The recent spate of coups in Chad, Guinea, Mali and Sudan has sparked a flurry of media attention and concern.

Africa in 2021: The end of democracy?

The headlines suggest it has been a worrying year for politics in sub-Saharan Africa. But from #EndSARS to the election victory of Hakainde Hichilema in Zambia, Africans are pushing more democracy - not less - argues Nic Cheeseman.

What would an authoritarian Africa look like?

Yesterday a journalist asked me whether it was possible for an African leader to be a good democrat and an effective leader at the same time. It wasn’t the first time, and won’t be the last.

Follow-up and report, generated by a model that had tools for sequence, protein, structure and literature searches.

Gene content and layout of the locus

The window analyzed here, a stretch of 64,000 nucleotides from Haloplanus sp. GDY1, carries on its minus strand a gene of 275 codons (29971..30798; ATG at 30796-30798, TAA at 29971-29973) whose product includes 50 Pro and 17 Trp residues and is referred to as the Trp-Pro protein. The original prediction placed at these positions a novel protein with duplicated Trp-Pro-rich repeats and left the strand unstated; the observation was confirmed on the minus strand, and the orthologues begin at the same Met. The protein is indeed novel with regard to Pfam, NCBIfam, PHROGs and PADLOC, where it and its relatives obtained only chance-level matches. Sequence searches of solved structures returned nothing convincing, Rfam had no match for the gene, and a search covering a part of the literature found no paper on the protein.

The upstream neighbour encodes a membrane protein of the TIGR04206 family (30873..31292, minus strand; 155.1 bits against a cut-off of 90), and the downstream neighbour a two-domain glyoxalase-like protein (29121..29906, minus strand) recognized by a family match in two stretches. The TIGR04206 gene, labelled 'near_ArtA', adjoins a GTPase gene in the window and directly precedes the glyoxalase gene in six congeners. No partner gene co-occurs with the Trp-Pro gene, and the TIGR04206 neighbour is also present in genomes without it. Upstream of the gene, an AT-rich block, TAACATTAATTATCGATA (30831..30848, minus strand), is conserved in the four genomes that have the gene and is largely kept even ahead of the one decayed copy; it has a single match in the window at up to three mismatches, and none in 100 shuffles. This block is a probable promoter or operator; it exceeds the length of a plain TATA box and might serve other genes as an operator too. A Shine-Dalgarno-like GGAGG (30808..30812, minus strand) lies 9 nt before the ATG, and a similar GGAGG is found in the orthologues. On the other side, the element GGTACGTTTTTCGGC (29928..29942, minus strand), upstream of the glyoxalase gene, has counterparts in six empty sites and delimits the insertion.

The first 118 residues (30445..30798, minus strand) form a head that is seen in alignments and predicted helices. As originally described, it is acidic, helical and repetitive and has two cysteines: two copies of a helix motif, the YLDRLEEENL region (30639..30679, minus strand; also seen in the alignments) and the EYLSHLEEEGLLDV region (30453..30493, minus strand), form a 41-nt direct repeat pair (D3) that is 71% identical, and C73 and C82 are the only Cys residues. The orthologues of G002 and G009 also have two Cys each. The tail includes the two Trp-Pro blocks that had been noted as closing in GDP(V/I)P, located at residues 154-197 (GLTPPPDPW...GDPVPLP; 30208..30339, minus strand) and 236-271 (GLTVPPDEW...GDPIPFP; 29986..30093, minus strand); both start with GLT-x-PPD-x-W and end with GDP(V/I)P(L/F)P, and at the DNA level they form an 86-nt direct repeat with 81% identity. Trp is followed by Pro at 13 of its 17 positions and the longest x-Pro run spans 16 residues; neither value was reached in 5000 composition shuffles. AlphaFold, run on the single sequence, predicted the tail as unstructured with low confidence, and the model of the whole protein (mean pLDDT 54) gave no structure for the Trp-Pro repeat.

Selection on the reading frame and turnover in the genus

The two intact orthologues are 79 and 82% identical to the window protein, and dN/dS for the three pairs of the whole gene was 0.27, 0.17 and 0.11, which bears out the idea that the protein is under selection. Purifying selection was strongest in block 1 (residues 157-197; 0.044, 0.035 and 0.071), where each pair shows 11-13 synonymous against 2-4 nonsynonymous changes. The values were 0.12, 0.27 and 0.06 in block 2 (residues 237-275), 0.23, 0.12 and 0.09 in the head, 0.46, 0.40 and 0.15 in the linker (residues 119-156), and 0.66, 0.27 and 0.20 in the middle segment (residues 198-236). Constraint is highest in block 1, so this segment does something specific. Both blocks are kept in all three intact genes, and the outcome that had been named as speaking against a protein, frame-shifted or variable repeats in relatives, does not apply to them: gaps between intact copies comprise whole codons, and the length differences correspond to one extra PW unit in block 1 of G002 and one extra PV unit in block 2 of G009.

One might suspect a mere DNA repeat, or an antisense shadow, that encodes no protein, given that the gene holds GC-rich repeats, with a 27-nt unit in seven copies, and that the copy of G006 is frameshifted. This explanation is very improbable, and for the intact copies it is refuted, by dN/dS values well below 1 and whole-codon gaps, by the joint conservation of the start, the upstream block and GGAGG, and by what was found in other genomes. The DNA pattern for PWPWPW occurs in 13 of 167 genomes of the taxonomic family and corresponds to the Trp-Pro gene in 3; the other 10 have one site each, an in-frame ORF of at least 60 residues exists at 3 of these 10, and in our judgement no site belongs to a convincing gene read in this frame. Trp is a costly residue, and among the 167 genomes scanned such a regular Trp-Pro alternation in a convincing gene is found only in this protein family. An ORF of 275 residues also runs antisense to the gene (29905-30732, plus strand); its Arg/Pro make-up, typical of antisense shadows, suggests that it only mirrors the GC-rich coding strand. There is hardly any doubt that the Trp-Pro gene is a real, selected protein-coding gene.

Africa in 2022: The danger of hegemonic instability

The end of December is often a time for reflection – in 2021 as much as any year. After reading the sad news of Archbishop Desmond Tutu’s passing, a South African friend sent me a letter that looked back on a tumultuous year.

Africa: Why ideas and ideologies matter for politics

Political ideas and ideologies shape how leaders behave and are central to efforts to legitimise the exercise of power. From Donald Trump’s exclusionary nationalism to Vladimir Putin’s warped understanding of Ukrainian history, it is clear that beliefs shape policies and actions, often with dramatic consequences.

How (not) to persuade Africa to support Ukraine and denounce Russia

The reluctance of some African leaders to condemn Vladimir Putin and his invasion of Ukraine has been the subject of a large number of column inches over the last month.

Before criticising democracy abroad, Britain should take a look at itself